Know Your Car Buyer’s Rights
Even sophisticated car buyers who have negotiated deals with car salespeople for years can become the victim of automotive dealer fraud and auto finance fraud.
A new law establishing the Car Buyer’s Bill of Rights substantially impacts the purchase of new and used vehicles. The law, which took effect July 1, 2006, affects retail vehicle sales handled by licensed car dealers in California. This law does not apply to motorcycles and off-highway motor vehicles or to transactions between private parties. Major changes include:
For New and Used Car Buyers
- Dealers must provide an itemized price list for items such as service contracts, extended warranties, alarm systems, paint/interior sealant, and insurance, etc., if the items are being financed.
- Dealers must disclose the monthly payment with and without the agreed upon accessories and gain the consumer’s signature on the disclosure prior to finalizing the sale.
- Dealer compensation from an institution financing the purchase of a vehicle is limited to no more than 2 percent for a loan term over 60 months and 2.5 percent for a loan term of 60 months or less.
- Dealers must provide buyers with their credit score and an explanation of how it is used.
For Used Car Buyers Only
- A used car buyer may obtain a two-day sales contract cancellation option.
- Used cars advertised as “certified” must meet specific requirements.
Used Car Buyers May Purchase a Two-Day Sales Contract Cancellation Option.
There is no “cooling off” period unless you obtain a contract cancellation option. Consumers who purchase a used car for less than $40,000 must be given an opportunity to purchase a two-day Contract Cancellation Option Agreement.
Important: The contract cancellation option does not apply to used cars priced at $40,000 or more, new cars, private party sales, motorcycles, off-road vehicles, recreational vehicles, or vehicles sold for business or commercial use.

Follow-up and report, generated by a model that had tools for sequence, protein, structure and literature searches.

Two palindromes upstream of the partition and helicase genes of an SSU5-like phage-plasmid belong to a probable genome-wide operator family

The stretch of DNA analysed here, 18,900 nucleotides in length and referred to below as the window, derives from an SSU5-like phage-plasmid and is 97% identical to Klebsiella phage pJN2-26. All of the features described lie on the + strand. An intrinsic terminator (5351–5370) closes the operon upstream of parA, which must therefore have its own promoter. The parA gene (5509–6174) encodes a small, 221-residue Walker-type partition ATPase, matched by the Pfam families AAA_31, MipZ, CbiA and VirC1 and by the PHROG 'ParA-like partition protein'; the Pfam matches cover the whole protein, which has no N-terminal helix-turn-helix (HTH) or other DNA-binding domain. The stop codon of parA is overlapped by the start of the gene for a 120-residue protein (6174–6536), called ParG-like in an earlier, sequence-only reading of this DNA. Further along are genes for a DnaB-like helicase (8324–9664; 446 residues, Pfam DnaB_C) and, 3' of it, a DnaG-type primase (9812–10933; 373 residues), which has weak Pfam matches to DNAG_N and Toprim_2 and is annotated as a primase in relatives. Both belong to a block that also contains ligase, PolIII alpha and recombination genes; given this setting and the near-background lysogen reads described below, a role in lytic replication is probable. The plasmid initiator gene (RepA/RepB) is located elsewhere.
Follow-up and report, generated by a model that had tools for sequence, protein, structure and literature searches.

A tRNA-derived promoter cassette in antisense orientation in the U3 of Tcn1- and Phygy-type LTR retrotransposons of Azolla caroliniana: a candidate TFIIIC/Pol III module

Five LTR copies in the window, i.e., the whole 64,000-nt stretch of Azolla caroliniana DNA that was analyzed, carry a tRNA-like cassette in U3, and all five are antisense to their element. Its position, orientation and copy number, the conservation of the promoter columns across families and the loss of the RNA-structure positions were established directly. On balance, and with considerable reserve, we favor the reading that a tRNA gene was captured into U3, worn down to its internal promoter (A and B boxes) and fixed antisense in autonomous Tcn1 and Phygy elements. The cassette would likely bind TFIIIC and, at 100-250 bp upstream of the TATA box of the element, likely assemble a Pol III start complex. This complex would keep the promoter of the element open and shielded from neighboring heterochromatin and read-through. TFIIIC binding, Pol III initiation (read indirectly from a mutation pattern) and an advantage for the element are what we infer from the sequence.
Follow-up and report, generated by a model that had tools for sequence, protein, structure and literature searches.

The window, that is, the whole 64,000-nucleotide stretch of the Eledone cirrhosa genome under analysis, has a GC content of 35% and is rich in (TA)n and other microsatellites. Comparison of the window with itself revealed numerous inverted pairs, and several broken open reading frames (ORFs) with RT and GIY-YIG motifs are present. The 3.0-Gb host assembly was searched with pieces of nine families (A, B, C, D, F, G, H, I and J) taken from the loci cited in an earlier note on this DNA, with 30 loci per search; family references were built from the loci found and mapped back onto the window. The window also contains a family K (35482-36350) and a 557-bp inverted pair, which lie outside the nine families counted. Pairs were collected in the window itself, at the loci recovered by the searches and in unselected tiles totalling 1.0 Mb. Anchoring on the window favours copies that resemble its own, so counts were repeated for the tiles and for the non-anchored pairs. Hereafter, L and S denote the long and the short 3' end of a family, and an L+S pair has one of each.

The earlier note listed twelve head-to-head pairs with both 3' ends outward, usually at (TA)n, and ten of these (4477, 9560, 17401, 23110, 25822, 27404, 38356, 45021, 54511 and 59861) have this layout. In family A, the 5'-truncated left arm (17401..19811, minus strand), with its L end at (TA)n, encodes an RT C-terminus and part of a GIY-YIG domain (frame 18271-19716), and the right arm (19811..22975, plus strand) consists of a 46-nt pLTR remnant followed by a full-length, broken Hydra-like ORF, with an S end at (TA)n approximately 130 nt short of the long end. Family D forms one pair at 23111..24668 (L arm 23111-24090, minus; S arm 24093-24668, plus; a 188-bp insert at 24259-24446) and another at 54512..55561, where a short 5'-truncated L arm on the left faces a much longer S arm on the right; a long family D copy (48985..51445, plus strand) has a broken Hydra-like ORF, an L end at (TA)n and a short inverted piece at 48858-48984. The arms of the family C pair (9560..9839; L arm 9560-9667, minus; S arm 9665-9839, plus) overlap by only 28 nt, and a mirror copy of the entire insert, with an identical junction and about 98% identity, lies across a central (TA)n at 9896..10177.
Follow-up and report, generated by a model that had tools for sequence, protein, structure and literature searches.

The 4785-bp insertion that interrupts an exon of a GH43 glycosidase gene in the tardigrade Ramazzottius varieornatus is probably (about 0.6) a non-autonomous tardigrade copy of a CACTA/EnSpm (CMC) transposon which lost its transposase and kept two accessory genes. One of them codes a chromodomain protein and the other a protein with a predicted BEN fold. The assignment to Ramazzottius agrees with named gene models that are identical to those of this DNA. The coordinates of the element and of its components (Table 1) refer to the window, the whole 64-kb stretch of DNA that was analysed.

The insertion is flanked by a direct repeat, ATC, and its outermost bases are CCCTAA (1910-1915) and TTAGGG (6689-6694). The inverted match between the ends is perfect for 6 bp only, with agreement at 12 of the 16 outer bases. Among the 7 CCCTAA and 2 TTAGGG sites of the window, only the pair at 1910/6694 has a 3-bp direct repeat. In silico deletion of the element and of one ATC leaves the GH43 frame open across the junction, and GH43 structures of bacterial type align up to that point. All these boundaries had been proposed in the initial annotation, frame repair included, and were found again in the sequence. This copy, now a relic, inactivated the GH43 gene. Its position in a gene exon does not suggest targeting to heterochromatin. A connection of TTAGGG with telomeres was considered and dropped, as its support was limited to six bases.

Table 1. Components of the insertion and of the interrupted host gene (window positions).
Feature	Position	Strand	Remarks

Cancellation Option Specifics
The following indicates how much you can expect to pay if you choose to purchase the contract cancellation option:
- $75 for a vehicle costing $5,000 or less;
- $150 for a vehicle costing more than $5,000, but not more than $10,000;
- $250 for a vehicle costing more than $10,000, but not more than $30,000; or
- One percent of the purchase price for a vehicle costing more than $30,000, but not more than $39,999.99
If you choose to return the vehicle, within the time specified, the dealer can charge a maximum restocking fee of:
- $175 for a vehicle costing $5,000 or less;
- $350 for a vehicle costing more than $5,000, but less than $10,000; or
- $500 for a vehicle costing $10,000 but less than $40,000.
Note: If the contract cancellation fee was charged, it must be deducted from the restocking fee.
Returning a Vehicle Using the Contract Cancellation Option
The buyer must return the vehicle:
- To the dealer he or she bought it from by close of business within two days, or more, if allowed by the contract;
- With no miles in excess of those permitted by the contract (the dealer may limit the number of miles a vehicle can be driven during the contract cancellation period, but it may not be a number less than 250 miles);